Baucus Bill In At $774 Billion, Would Reduce Deficit By Nearly $50 Billion Over Decade
Sen. Max Baucus' bill, which he said would cost $774 billion over the next 10 years, would reduce budget deficits by about $50 billion over the same time period, according to the Congressional Budget Office.
The Washington Post: "In a preliminary analysis, the CBO said the package would cover 94 percent of Americans by 2019, leaving 25 million people uninsured - a third of them illegal immigrants who would not be eligible to participate in the exchanges. ... To pay for expanding coverage, Baucus proposes cutting payments to hospitals and other providers that serve recipients of Medicare, the federal health-care program for the elderly, and to tax, for the first time, the nation's most generous health insurance policies. The package also would impose $93 billion in fees on insurance companies, drugmakers and other sectors of the health-care industry. And it would collect nearly $50 billion in penalties from people who do not obtain health insurance and employers who do not offer their workers affordable options for coverage. Because the value of those provisions would grow faster than the cost of expanding coverage, the package would reduce budget deficits now and in the foreseeable future, the CBO said" (Montgomery and Murray, 9/17).
The Washington Post in an analysis: "In virtually every instance, industries facing new fees or budget cuts would be rewarded with additional revenue from legislation that could cover 30 million more people, said Kenneth E. Thorpe, an Emory University professor and Clinton administration official. Under the Baucus bill, businesses such as hospitals, device manufacturers, drugmakers and insurers would face $93 billion in new fees over the next decade" (Connolly, 9/17).
CongressDaily reports on concerns about "a $215 billion tax on insurance companies for high-cost plans. This likely sets up a conflict over whether to use the wiggle room created by coming in below the $1 trillion benchmark to make insurance more affordable or raise the value of which high-cost plans get taxed. CBO Director Elmendorf blogged Wednesday that the difference between the agency's final score and the committee's $856 billion price tag is a result of committee staff adding up all the positive numbers in previous draft tables CBO provided. Finance Committee staffers said CBO's analysis is a net score taking into account savings as well as spending, and the committee does not question the agency's estimate. A Medicaid expansion would total $287 billion and federal tax credits would total $463 billion, CBO determined" (Edney, 9/17).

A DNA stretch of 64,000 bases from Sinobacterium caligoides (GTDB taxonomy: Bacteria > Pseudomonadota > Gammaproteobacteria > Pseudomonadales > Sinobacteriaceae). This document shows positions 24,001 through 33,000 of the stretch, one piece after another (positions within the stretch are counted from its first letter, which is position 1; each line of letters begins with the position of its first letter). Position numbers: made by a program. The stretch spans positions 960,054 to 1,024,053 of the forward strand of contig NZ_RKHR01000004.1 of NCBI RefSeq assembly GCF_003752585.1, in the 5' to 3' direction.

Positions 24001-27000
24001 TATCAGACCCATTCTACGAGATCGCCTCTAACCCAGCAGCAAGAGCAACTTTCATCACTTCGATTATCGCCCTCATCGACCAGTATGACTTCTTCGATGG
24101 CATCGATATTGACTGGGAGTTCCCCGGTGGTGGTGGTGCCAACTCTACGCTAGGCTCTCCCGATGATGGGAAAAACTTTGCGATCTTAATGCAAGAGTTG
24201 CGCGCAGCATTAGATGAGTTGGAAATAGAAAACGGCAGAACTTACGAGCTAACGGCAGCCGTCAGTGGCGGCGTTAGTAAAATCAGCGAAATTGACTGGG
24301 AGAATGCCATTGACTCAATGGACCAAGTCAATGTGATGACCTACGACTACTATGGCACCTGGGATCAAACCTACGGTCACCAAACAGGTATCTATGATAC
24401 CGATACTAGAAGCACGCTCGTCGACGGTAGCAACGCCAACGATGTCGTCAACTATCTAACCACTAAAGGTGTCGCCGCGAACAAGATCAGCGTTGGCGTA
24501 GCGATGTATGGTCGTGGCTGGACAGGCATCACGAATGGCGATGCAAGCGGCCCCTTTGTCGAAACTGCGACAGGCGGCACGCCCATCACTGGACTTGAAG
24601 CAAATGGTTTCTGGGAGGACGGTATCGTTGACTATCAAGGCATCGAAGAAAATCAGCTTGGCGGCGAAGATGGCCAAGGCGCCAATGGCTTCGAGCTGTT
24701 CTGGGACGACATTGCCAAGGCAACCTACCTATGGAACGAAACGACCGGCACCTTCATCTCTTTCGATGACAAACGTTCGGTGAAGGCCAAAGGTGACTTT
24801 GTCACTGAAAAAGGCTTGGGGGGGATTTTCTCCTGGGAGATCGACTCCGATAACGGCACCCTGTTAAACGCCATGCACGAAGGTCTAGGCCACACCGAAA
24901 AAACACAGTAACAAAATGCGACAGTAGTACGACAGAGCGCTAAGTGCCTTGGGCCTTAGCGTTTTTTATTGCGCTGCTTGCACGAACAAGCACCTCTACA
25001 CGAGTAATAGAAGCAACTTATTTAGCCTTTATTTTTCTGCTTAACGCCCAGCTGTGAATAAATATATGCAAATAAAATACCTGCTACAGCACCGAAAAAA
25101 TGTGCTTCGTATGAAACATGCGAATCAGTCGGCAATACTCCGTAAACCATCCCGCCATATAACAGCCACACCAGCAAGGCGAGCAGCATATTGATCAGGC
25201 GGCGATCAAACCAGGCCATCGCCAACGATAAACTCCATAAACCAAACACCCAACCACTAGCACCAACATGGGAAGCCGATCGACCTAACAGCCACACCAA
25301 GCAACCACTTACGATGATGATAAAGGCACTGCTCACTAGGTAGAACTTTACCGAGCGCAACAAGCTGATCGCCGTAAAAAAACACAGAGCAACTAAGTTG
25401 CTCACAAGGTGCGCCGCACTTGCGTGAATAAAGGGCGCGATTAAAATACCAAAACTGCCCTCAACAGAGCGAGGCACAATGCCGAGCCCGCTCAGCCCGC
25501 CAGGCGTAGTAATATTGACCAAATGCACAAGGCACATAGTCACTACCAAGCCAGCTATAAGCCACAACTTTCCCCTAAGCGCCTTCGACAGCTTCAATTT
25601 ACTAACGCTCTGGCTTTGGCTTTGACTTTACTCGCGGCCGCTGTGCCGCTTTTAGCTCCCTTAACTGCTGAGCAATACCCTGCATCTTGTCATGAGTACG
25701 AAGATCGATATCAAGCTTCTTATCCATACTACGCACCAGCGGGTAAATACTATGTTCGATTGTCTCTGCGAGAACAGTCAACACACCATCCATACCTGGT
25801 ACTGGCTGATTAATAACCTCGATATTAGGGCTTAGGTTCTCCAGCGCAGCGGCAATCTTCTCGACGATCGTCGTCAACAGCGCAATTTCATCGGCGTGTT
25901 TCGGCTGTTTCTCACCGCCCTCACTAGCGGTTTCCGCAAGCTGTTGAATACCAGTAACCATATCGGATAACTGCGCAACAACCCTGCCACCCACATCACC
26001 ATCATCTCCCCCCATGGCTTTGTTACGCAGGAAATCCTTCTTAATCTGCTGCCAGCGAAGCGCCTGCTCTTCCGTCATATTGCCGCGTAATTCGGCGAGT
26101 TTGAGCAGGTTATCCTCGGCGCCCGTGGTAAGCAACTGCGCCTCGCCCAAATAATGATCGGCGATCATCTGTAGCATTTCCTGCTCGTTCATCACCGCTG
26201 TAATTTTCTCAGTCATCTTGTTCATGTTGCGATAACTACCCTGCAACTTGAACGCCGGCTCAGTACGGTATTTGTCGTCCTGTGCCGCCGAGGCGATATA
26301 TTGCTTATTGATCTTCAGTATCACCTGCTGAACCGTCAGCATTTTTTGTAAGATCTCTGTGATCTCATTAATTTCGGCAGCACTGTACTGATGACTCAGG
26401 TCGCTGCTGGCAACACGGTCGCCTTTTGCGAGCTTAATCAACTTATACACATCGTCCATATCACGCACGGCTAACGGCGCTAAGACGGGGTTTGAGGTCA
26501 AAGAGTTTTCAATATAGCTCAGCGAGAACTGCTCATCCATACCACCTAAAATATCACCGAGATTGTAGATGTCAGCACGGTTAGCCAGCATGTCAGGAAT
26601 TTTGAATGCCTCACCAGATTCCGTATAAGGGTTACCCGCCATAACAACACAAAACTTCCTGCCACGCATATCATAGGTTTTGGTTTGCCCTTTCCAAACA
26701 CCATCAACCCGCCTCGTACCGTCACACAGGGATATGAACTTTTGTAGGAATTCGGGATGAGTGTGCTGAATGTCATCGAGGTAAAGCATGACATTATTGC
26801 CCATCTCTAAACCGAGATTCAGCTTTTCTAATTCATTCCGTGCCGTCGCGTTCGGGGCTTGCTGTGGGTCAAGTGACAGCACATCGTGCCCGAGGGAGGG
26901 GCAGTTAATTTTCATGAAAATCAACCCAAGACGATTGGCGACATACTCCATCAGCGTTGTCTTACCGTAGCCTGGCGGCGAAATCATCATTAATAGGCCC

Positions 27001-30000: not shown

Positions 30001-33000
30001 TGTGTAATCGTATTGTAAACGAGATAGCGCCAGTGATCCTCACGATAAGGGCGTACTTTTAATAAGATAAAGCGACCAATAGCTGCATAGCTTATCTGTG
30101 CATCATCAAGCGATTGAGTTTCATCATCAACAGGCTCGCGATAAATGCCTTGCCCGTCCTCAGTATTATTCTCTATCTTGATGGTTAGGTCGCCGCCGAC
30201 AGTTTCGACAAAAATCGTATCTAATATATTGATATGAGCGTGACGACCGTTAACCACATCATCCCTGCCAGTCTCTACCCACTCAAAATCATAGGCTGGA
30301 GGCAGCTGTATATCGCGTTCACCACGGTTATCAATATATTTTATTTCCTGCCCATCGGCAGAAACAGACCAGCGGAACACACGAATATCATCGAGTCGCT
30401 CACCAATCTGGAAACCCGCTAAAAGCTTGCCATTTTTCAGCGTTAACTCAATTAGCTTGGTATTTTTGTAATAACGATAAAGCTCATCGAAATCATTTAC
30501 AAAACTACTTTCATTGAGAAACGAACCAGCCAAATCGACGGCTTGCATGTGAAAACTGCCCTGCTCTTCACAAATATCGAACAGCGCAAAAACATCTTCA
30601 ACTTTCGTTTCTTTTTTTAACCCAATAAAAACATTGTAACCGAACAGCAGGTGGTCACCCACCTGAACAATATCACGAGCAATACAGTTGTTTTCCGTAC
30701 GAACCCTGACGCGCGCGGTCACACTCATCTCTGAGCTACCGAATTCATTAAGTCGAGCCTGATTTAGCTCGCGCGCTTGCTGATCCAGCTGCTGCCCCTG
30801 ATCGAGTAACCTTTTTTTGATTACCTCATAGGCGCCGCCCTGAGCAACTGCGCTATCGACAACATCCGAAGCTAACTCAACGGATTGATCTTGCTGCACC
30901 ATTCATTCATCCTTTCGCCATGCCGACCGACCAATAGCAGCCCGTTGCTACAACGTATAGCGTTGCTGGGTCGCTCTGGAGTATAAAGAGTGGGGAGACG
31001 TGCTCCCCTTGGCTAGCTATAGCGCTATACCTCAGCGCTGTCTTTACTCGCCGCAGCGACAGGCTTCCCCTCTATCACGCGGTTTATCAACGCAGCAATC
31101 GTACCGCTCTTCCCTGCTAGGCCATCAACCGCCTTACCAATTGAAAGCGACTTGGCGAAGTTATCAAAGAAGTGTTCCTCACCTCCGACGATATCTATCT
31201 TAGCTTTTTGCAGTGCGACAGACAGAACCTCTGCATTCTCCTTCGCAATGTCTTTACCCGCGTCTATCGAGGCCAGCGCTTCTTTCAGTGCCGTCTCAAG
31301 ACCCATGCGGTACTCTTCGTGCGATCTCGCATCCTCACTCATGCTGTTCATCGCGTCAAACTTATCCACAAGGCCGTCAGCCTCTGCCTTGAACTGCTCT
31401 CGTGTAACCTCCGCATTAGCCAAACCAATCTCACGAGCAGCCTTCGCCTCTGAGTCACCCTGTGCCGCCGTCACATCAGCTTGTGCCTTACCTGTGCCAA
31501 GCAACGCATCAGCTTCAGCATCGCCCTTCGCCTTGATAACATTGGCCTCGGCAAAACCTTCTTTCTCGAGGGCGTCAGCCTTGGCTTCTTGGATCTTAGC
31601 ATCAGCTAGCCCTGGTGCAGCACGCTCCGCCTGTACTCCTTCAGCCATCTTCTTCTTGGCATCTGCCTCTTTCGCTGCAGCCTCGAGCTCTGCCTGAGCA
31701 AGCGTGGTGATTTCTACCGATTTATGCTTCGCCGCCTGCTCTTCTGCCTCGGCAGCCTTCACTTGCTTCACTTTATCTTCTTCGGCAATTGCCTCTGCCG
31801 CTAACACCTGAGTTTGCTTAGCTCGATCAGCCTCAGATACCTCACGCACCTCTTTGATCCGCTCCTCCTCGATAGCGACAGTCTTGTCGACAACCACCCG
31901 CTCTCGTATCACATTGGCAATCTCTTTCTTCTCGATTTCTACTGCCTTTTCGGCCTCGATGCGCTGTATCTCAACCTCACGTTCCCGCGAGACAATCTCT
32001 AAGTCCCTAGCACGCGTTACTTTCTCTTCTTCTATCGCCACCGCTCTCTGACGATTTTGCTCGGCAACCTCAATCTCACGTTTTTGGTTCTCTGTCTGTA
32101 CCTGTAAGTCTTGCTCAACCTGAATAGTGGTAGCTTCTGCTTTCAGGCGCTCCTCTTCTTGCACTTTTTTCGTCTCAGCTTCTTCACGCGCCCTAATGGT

The Associated Press has a bulleted breakdown of the CBO score of the bill that explains the costs and revenues (9/16).
The Christian Science Monitor: "Conservatives charge the opposite of the CBO's projections: healthcare costs will go up and quality will go down. Forecasts of future government healthcare spending can be woefully under their actual cost, pointed out GOP staffers of the Joint Economic Committee report in July. In 2006, for example, Massachusetts passed a universal coverage plan that was predicted to cost roughly $472 million in fiscal year 2008. Instead, it cost $628 million" (Belsie, 9/16)